I counted to 4, and after a strong pull on my harness I looked up at my fully inflated canopy. I checked for anything abnormal, once I saw it was ok I ripped down my toggles and relaxed.

At this point my Alti read 4500ft. I travelled along the outside of the DZ border and spent a lot of time on half brakes, which was silly as it took me ages to get down. I had forgotten to do the two pumps on the toggles for 5 seconds, so I did this when I remembered and the canopy slowed right down and then dropped me a few feet.

I then made some small 90 degree turns, followed by someone on my radio asking me to leave the canopy on full drive...whoops.

At 1000ft I made my way downwind and at 400ft I turned into the wind and landed next to the white wind arrow. I had been told in training when to flare (10ft) but I also had some radio assistance too and I landed well. I took a couple of steps after landing and yelled “FUCK YEAH!” I rounded up the lines and packed up the canopy and walked a minute or so to the check-in computer with my ears needing popping. £345 I ever spent.

There somewhere.JPG

I went on to complete the course, but it took me almost a year for a couple of reasons:

  1. I paid for each level as I went, as couldn't afford to pay for the full course up front
  2. The weather Gods were against me every time I came to do my next level

Then to now:

Once I did get my A licence, I got motivation to smash out as many jumps as I could on my free weekends so I could get my B licence (50 jumps and some exams).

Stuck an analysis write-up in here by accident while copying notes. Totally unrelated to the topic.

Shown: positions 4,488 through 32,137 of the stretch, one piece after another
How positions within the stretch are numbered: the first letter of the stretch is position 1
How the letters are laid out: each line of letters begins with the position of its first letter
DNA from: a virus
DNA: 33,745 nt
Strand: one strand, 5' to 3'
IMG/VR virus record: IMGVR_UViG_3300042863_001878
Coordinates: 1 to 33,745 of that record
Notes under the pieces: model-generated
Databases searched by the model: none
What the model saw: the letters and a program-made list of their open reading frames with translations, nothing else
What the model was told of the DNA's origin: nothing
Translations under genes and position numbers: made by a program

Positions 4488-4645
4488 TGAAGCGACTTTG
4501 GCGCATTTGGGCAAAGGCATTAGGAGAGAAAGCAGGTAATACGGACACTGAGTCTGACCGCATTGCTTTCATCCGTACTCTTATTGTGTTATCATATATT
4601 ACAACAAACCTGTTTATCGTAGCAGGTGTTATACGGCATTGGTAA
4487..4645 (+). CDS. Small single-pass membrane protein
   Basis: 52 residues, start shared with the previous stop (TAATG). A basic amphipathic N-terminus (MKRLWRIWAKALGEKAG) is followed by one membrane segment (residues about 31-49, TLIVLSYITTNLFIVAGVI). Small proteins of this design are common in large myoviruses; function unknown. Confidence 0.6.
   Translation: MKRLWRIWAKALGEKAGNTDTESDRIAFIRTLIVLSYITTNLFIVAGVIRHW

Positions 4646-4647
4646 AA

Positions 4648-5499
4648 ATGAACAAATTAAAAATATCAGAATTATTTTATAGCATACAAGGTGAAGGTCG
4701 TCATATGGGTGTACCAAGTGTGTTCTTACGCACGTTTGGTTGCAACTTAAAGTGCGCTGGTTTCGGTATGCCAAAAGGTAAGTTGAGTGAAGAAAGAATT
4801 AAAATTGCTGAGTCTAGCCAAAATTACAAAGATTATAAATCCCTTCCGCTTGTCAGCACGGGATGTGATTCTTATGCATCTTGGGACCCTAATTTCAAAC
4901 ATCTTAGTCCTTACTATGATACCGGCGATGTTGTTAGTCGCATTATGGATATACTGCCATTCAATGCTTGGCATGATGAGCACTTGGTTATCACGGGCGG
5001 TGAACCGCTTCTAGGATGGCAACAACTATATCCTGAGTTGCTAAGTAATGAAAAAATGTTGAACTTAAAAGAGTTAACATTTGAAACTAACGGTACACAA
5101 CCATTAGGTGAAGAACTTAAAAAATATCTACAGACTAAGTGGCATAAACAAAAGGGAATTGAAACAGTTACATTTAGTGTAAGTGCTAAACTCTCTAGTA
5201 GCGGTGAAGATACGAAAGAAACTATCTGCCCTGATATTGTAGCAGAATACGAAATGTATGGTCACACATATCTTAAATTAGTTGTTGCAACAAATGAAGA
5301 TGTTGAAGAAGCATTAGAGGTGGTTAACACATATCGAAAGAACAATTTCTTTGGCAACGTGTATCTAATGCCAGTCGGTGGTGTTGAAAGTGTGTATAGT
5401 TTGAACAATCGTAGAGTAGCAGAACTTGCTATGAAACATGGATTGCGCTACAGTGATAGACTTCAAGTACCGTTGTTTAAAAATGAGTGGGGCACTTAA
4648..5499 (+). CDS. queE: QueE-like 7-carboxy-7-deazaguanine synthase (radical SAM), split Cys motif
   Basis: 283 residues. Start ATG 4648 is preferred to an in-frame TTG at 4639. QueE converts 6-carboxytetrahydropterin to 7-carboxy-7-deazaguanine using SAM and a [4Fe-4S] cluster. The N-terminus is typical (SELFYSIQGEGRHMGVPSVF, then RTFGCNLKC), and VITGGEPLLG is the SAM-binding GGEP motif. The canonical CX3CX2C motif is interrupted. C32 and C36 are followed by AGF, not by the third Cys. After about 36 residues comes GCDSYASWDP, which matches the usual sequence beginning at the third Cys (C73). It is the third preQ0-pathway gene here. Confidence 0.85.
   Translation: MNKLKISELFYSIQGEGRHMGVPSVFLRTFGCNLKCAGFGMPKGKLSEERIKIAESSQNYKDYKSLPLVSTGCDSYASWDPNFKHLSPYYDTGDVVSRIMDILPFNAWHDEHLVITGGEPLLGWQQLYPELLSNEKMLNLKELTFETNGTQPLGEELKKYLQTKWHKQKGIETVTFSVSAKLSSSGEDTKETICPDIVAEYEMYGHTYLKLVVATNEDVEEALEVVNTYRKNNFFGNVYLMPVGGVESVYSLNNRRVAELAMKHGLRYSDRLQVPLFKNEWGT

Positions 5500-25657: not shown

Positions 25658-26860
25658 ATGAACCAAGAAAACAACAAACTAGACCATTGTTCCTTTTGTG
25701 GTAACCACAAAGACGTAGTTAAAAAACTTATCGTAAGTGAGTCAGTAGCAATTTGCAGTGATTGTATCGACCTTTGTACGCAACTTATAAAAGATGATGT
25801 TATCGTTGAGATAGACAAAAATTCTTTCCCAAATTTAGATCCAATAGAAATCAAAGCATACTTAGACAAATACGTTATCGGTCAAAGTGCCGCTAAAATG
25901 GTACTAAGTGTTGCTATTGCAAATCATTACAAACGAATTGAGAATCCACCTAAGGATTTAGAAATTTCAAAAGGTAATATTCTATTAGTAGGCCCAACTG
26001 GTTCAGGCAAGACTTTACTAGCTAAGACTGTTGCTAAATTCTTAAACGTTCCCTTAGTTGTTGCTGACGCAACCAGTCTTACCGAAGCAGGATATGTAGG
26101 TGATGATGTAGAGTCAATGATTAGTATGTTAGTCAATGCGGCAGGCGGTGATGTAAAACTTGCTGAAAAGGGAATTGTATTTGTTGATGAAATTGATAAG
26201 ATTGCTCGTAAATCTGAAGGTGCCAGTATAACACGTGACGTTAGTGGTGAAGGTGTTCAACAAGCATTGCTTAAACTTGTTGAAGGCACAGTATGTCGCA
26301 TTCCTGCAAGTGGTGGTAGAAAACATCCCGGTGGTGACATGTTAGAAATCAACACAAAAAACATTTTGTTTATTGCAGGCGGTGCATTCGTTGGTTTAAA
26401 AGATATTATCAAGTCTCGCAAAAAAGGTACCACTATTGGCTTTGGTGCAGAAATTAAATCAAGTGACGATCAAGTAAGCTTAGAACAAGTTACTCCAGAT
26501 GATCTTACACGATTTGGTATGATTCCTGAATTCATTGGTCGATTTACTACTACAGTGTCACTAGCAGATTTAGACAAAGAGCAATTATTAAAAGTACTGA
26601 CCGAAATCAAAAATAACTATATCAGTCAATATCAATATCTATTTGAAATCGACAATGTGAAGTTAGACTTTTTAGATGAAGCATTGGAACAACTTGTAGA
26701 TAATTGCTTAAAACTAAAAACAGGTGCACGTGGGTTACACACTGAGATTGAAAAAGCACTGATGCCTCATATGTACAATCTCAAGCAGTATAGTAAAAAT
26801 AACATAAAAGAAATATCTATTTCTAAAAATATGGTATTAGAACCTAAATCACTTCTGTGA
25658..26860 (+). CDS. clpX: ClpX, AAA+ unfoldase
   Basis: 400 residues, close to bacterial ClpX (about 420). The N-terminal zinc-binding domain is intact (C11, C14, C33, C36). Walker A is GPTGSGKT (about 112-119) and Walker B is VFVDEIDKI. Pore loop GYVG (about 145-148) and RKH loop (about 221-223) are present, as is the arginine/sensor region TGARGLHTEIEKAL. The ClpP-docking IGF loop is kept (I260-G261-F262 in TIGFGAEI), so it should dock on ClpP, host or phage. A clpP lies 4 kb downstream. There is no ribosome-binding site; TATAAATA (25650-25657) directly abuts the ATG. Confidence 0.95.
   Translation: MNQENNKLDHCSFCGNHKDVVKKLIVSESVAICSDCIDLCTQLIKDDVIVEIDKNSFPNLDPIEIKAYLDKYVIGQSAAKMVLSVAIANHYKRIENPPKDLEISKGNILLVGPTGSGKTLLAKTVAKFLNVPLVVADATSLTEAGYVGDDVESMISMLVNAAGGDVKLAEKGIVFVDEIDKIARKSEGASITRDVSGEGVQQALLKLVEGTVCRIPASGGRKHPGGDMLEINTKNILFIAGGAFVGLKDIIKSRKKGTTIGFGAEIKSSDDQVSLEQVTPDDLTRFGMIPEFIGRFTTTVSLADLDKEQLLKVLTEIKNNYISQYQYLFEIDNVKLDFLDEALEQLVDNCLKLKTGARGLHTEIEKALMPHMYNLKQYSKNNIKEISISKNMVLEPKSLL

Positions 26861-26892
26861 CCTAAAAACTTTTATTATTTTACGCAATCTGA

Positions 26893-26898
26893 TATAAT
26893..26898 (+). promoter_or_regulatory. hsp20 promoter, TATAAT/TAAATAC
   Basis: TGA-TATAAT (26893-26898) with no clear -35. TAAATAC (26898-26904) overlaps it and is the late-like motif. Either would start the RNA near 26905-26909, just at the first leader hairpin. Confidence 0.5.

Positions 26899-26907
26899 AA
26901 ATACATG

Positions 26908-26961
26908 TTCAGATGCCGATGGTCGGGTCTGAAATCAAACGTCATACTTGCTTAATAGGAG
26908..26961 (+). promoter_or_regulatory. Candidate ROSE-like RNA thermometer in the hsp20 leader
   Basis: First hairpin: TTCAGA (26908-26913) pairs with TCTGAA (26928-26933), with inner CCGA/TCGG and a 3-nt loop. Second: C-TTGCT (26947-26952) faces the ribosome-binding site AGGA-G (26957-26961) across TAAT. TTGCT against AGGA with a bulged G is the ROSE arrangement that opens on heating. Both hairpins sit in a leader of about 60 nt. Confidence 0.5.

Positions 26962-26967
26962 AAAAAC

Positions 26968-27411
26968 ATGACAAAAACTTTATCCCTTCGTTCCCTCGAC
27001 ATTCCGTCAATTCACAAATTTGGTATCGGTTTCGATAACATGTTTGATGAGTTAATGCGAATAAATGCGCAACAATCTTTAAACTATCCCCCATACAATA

After B licence I lost a bit of motivation, as C licence seem so far away (200 jumps), so I decided to take up CRW (Canopy formations), I was lucky enough to get in with a crowd that were happy to teach me.

I got my CF1 and was part of a team for a little while The CRWsaders, but only took part in training, I never did any events.

In the Plane 1.png

CRW Exit 1.png

CRW Dock 14.png

CRW Dock 13.png

CRW Dock 5.png


At this point I started to miss freefall, I mean CRW was fun, but hopping and popping started to get old and I was itching to get back to terminal velocity!

Since then over the years I went on to formation sky diving, to tracking and then finally landed in my home of Wingsuiting. I cannot get bored of Wingsuiting. Its fun even on your own, and its MEGA fun with other people.

I also try to remain as active as I can with BASE jumping, which does mean travelling overseas a fair amount to chase the nice weather.

Thanks for reading!


#freefall #terminalvelocity #skydiving #basejumper #skydiver #frothing #fullfroth #frother #adventure #life #adrenaline #extremesports #adrenalinesports #gopro #travel #rockon #summereveryday #summer #wingsuiting #wingsuit #netheravon #skydivenetheravon #nethers #crw

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This one of the things that i feared most. I guess i will die before i hot the ground. LOL 🤣

haha it is scary to begin with, but I wanted to do a skydive so badly that the excitement out weighed the fear :D

Amazing post, great job on it, I didn't know it had so much thing going on in the background, I think I'll stick to the ground and leave this to the pros lol

hahaha you should give it a try!